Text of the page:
Red Wall Garden Boutique Hotel - Beijing
Hutongs, traditional old narrow alleys stacked with rickety single story courtyard houses, oozing charm from the yesteryears of mid-20th century China. Once in abundance across the city of Beijing, now sadly in steady decline due to modernization and the need for non-existing space in an ever expanding China.
On my most recent trip to Beijing, I was excited about visiting this fascinating city again. This time I was to stay within one of the few surviving hutongs still so rich in preservation of the Chinese cultural history and traditional life.
Squeezing through the narrow roads of Shijia Hutong, one of the more picturesque and well preserved hutongs, I take in my surrounds. Rusty bicycles lean on stone walls, the smells of freshly cooked dim sum floats on the cool night air. Softly lit lanterns flitter in the alleyways. Creased faces of elders are illuminated by the red glow of their cigarettes.
Small restaurants bustle with locals, tea houses hidden behind creaky wooden doors. Rickshaws squeak down the street. Life looks simple but rich.
Walking through the gates of my hotel, serenity washes over. The horns and engines of a fast paced Beijing fade and tranquillity takes hold as I enter a traditional Chinese courtyard. Oozing with old worldly charm, I feel myself entering a different world far away. Chinese architecture looms overhead, and everything my eyes rest upon fascinates me.
Invoking the past with a gleam of modern facilities, the unique blend of Asian aesthetics and modern take interweave seamlessly. Ancient blue and white intricately hand painted tea pots sit next to large flat screen TV’s without looking out of place. Polished wooden floors support rustic curled ancient dressers. Old school phones are perched elegantly under ornate lampshades.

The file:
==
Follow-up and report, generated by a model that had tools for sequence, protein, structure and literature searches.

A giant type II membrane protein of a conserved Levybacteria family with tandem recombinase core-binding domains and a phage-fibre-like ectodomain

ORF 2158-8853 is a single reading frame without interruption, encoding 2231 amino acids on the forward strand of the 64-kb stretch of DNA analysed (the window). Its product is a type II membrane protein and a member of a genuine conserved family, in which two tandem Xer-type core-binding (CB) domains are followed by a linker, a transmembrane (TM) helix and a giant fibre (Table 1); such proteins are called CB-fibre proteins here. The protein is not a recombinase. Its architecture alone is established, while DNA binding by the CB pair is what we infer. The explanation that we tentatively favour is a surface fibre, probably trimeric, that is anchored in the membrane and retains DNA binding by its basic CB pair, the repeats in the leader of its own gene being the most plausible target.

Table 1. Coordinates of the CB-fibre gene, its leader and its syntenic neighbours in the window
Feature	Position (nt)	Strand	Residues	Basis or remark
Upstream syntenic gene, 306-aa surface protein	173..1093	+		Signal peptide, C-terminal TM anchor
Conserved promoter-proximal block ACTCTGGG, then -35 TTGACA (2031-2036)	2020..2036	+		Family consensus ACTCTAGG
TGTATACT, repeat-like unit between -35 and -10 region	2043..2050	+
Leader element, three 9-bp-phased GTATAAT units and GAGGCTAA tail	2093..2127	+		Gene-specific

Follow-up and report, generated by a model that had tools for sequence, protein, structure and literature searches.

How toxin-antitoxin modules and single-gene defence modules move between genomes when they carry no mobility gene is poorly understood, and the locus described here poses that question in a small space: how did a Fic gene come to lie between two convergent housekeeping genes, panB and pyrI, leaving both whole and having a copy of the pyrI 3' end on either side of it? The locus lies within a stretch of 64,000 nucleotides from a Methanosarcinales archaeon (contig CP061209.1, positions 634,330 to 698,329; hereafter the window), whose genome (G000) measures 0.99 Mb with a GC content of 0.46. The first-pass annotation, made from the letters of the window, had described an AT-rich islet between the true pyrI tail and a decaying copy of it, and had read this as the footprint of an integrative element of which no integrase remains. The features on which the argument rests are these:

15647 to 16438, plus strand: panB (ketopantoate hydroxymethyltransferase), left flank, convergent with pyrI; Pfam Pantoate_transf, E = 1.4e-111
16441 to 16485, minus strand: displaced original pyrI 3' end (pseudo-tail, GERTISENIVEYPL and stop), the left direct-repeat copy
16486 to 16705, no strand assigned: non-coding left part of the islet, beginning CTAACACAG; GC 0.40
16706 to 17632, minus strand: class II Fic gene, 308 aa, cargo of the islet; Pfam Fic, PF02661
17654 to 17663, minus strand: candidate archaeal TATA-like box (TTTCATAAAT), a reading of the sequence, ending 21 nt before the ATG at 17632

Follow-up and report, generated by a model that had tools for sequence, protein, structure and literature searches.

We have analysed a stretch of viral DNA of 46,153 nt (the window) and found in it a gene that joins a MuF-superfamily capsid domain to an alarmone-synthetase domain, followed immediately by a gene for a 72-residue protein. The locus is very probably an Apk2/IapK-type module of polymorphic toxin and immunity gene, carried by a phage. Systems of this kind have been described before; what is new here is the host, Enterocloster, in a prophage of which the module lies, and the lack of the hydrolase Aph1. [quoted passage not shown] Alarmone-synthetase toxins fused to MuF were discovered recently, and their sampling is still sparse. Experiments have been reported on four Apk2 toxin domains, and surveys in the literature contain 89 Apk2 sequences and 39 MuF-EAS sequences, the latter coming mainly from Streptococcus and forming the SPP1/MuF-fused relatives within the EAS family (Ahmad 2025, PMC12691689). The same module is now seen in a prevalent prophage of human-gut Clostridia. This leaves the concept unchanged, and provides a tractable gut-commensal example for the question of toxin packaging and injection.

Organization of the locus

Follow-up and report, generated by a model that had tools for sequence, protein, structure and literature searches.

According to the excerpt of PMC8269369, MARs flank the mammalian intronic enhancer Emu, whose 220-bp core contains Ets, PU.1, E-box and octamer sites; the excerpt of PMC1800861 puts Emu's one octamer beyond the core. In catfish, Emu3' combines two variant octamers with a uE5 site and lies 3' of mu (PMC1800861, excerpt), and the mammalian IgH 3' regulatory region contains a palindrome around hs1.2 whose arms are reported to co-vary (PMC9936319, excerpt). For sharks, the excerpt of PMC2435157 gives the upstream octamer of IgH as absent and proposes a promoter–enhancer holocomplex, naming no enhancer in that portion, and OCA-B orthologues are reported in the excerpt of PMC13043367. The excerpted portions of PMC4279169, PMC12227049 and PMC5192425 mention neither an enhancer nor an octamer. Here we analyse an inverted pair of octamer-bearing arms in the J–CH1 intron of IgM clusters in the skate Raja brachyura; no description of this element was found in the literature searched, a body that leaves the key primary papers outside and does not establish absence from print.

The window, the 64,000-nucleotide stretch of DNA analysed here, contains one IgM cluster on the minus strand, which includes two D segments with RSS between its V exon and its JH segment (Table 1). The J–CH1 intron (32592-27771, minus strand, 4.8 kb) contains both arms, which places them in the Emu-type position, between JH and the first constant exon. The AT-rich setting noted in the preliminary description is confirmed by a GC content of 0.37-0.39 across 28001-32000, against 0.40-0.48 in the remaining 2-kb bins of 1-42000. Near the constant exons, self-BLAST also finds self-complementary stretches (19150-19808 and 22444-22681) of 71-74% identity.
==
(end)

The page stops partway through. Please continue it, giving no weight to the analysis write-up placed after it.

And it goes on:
Everything is beautiful. Traditional. Rich.
Floor to ceiling glass windows overlook a quaint courtyard, the centre piece of the hotel, illuminated with the soft glow of lanterns. A restored rickshaw is parked in the corner and blossom trees sway in the breeze.
Aromas hover in the night air. The restaurant beacons. Creatively interpreted street food makes the taste buds explode as live traditional music chimes away in the background. The collection of restored antique artefacts make the senses run wild and automatically create a wish list in your mind as a Chinese masseuse glides past almost silently, tempting you to take up their offer of an evening massage.
Now that you have eaten in the restaurant and had your taste buds spoiled for choice, it is time to discover your surrounds. This gem is located in the Dongcheng District of Beijing, only minutes walk to the famous shopping streets of Wangfujing & Jinbao and a stones throw to the Forbidden City. If you are a foodie and seek local fare, this is the area to discover specialities such as the famous Donkey meat baked wheat cake.
Sijiminfu Restaurant – Peking Duck: Traditional Chinese style restaurant. Serves an excellent roast duck. Very authentic restaurant and inexpensive.
Temple Restaurant: Classical European cuisine within the walls of a 600-year-old temple complex.
Lost Heaven Restaurant: Tribal-style dishes from Yunnan Province. Exotic and beautiful restaurant decoration.
Da Dong – Peking Duck Restaurant: Highly recommended and close to the hotel and Wangfujing shopping street.
Dali Courtyard Restaurant: “No choice restaurant” - The chef prepares what is available. Not really suitable for kids or picky eaters, but a favourite within locals and adventurous visitors.
The Brick Yard: Organic restaurant close to the entry point to the Mutianyu section of the Great Wall. Casual place great for a bite, massage and a drink after exploring the Wall.
The Red Wall Garden Hotel Boutique Experience emotionally connects guests with the intense historical, cultural and artistic life of authentic and historic Beijing.
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